The Break Presents: Lizzo
If you're having a bad day, leave it to Lizzo to put a smile on your face with her witty rhymes and breezy vocals. The artist, who both raps and sings, has been steadily making a name for herself in the music industry over the last three years. The Atlantic Records signee (she's an artist on the label's imprint Nice Life Recording Company, led by producer Ricky Reed) debuted her first album, Lizzobangers, in 2013, and made some noise with her first single, “Batches and Cookies” featuring Sophia Eris.
Two years later, she dropped, Big Grrrl Small World, a 12-track collection of bold lyrics and funky vibes. But this was only a start to the accomplishments to follow. With her song “Good as Hell” debuting in the movie Barbershop: The Next Cut, Lizzo proved her skills as not only a vocalist but a songwriter with spunk.
Lizzo continues to showcase what she has to offer -- even outside of the music. She co-hosted the MTV 2016 Video Music Awards pre-show along with Charlamagne Tha God and DJ Khaled in August. And she hasn't stopped there. The 28-year-old has more work to do with MTV, as she serves as the host of Wonderland, a live music series similar to the network's past offerings. “TRL, Spring Break, any music festival or block party you’ve ever been to,” Lizzo says.
Recently, she dropped the EP, Coconut Oil, her first Atlantic Records release. The six tracks cover topics of body positivity, love ("I thought I needed to run and find somebody to love, but all I needed was some coconut oil”) and a rough night at the club.
If her busy year has you excited for more, keep reading as Lizzo talks more about the artists that have inspired her diverse sound and her goals in hip-hop. -- Jacqueline Roberts-Kpan
Hometown: Detroit-born, Houston-bred, Minneapolis-based
I grew up listening to: “Well, in the first half of my life, a lot of gospel because I was raised in the ch-o-i-ch, with an o and an i. So I listened to the Winans [CeCe Winans, BeBe Winans] a lot, The Clark Sisters, Fred Hammond and just a lot of whatever my parents said was cool.
"When I got older and moved to Houston, I started listening to a lot of rap. I love Lil’ Flip, he was one of my favorites. Crime Mob and Missy Elliott, obviously was a big, big influence. I listened to a ton of freestyling, the whole SUC Clique like Zero and Trae Tha Truth.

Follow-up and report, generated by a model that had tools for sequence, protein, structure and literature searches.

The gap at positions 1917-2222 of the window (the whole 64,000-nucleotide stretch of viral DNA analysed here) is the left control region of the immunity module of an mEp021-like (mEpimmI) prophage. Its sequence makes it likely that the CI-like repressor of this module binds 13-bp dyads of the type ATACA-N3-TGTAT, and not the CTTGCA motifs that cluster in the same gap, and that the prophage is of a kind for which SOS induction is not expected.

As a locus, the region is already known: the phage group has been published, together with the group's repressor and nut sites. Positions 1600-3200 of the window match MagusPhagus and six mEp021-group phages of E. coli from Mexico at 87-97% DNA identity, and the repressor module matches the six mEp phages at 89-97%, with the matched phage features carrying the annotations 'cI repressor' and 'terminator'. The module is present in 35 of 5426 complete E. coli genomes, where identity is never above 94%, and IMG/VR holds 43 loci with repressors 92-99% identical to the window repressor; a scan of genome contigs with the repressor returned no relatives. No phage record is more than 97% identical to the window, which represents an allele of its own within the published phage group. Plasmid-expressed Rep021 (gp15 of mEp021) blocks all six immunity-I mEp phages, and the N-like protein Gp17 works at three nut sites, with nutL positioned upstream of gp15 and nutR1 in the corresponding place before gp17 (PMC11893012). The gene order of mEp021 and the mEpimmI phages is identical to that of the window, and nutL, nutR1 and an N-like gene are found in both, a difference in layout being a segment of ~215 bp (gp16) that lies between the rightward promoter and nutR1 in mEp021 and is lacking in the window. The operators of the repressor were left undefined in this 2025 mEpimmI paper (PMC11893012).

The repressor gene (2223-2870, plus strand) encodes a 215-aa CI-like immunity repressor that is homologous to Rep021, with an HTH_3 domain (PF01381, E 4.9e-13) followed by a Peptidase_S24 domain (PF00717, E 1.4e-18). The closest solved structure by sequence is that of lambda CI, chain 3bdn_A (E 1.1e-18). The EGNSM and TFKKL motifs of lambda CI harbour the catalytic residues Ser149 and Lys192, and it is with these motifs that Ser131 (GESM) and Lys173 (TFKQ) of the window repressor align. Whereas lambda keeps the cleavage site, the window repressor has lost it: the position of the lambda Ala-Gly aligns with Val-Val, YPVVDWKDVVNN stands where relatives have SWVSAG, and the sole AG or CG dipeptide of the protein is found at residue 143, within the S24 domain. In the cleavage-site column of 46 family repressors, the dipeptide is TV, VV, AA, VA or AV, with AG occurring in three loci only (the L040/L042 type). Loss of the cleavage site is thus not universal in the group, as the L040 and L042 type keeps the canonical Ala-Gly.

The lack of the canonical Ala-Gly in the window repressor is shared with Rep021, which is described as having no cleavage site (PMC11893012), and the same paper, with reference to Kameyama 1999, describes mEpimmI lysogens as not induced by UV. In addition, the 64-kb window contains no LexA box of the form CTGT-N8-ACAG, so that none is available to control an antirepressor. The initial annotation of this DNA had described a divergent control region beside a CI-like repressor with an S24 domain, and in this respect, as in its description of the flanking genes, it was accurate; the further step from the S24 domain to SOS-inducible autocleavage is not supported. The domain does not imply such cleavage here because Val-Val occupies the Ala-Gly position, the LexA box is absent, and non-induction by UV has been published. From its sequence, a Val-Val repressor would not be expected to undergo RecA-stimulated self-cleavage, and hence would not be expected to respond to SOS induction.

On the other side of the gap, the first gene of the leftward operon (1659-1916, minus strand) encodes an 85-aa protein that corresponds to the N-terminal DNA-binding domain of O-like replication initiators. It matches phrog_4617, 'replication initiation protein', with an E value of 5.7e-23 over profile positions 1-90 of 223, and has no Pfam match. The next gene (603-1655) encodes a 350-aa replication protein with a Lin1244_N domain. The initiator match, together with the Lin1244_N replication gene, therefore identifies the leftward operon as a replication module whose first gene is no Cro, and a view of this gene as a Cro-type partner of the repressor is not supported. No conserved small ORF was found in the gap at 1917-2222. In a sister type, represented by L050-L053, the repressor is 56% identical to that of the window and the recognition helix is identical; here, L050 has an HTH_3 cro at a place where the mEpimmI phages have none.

"Of course I found the alternative music through my sister. She introduced me to Radiohead and The Mars Volta, just really weird shit. The good shit, diverse shit. I’m classically trained, so I listened to a lot of classical music. I never really listened to jazz because a lot of the hip-hop heads listen to jazz. I’m more nerdy and I always listened to the classical music more.
"Some of my favorite stuff is what Future is doing. It just feels like he is spur of the moment, and Kanye how emotional he can get sometimes and just let loose. So things like that, things that are very raw and natural, that’s what I’ve been putting in my music lately and that’s also why I’ve been singing more because it’s just been coming out.”
Most people don’t know: “People don’t know that I am a classically trained flute player, let’s just keep ramming that one into the ground until I am performing live at Carnegie [Hall]. I can speak a little Spanish. They know I can eat, but they might not’ve known that I can cook. Follow me on Snapchat for all of my home recipes.”
My style has been compared to: “I’ve been compared a lot to Missy Elliott and that is an honor because she’s one of my major influences. I would say my style is good music, I make feel-good music even when I’m not trying to. It’s a mixture of soul, my gospel roots and it has that hip-hop attitude. It’s me refined, a polished me.”
Standout moment to date: “I feel like doing Letterman in his final year was pretty historic and it’s something I will never forget.”
Standout record to date: “A big one is 'Batches and Cookies,' featuring Sophia Eris because people really like that one. Some other big ones are 'Humanize,' 'Good as Hell' and then 'Ain’t I,' which we did on Colbert.”
My goal in hip-hop is to: “I just want to be a successful artist. I want to continue to make music and I want to have the privilege to be able to change and evolve. But success to me is truly defined by how much I can take care of my family, so I’m getting pretty successful. I’m also a very insatiable workaholic, you never know where it’s going to go. I want to make a lot of art.”
I’m going to be the next: “Artist you can’t get out of your head.”
Standout: "Good as Hell"
Big Grrrl Small World
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